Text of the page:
A Fading Scar
If anyone is haunted by what happened at Tiananmen square in 1989, it should be Wang Dan. The most famous student leader of that tragic Beijing Spring, Wang was released from prison this year and hustled off to exile in the United States. On the long Northwest Airlines flight, Wang met two women from Beijing, both employees of Western companies in China. They chatted with Wang for hours and happily posed with him for souvenir photographs. One handed him her business card as they said goodbye. "If you miss China," she said, "just give me a ring." Wang was elated. "Those two women are why I'm so hopeful for China," he said, delighted that they weren't afraid to talk to him. "That's why China's future is so bright."
Of course, no one who was in Tiananmen in 1989 can exorcise its ghosts completely. Feeling a morbid sense of nostalgia, I returned to the aging Beijing Hotel this month. In the heady days before the crackdown, room attendants had written anonymous pro-democracy notes--"Down with corruption!"--on my room-service bills. Then, in June, jittery journalists hunkered down in the hotel to document the bloodletting outside. We huddled on a balcony and saw a lone man confronting an army tank. (Photographer Charlie Cole, on assignment for NEWSWEEK, won awards for his shot of the encounter.) In the lobby, security goons with cattle prods roughed up reporters. Several days after the massacres, I argued with hotel workers over a room bill. I asked for a discount because hotel access had been dicey "due to what happened in Tiananmen Square." Back came the Orwellian answer: "Nothing happened in Tiananmen Square."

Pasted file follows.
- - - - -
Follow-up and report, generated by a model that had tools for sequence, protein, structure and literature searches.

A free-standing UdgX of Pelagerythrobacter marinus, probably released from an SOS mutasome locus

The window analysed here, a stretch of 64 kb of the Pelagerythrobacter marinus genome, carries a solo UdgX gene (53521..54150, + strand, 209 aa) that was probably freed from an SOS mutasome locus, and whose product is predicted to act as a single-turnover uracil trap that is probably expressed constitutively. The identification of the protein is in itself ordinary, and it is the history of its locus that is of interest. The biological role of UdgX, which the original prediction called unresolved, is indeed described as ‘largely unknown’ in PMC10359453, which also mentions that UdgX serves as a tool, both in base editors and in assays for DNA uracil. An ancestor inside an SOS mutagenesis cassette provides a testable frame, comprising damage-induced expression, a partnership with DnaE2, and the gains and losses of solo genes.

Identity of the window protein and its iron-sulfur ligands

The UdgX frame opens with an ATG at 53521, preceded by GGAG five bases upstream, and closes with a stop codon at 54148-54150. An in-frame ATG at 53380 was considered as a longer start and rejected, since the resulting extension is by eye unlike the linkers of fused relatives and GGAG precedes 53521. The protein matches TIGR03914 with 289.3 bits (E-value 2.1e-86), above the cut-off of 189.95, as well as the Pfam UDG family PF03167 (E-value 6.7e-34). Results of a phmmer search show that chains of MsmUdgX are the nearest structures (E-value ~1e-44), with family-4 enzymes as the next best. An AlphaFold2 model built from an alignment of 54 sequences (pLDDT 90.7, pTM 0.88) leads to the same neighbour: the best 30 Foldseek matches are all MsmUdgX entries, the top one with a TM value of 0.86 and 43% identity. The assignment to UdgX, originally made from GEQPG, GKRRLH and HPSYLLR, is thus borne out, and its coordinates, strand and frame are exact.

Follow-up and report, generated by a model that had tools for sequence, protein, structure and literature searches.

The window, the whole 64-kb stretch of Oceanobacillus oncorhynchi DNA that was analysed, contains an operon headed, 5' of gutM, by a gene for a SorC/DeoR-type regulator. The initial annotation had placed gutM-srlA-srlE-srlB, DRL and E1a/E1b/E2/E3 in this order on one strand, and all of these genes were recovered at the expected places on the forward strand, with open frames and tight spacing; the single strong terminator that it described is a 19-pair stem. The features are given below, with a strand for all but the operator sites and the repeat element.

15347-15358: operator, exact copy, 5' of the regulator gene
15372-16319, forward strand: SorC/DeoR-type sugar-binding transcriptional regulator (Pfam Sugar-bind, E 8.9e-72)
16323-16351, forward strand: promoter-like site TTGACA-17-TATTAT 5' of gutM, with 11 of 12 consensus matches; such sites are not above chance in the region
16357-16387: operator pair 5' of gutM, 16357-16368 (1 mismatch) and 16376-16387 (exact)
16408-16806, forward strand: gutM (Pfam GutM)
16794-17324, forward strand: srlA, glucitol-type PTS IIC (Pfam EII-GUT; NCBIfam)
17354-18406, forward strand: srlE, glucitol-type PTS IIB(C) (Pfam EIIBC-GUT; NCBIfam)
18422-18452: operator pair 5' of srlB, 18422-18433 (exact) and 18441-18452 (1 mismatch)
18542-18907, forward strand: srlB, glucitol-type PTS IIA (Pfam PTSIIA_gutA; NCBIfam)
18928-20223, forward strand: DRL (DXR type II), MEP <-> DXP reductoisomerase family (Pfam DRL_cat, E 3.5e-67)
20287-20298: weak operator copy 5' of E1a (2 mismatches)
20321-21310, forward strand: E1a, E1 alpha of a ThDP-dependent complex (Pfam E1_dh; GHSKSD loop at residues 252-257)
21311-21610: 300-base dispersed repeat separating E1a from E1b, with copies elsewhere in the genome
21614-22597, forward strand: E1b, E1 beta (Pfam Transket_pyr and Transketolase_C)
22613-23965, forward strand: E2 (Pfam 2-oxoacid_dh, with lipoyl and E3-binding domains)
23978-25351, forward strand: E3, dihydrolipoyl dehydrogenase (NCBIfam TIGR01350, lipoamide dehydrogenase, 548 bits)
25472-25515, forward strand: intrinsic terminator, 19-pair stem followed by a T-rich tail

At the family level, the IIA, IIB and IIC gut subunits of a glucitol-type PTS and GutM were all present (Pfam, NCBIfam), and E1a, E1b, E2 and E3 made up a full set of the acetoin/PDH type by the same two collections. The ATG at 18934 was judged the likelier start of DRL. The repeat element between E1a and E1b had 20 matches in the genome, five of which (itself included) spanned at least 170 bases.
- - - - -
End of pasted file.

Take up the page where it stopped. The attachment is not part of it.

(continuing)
At least for now, political campaigns against "spiritual pollution" from the West seem to be a thing of the past. Beijing finally feels connected, albeit patchily, to the outside world. It's a mind-boggling transformation for an old China hand. When I opened NEWSWEEK's Beijing bureau in early 1980, Western films were nowhere to be seen. When local cinemas finally obtained a scratchy version of "The Hunchback of Notre Dame" a few years later, it was a big deal. Now, even in remote Yanan, where Mao and other communist leaders took shelter in cave dwellings during China's civil war, a crude, hand-lettered poster advertises "Titanic" as "the greatest film of the century."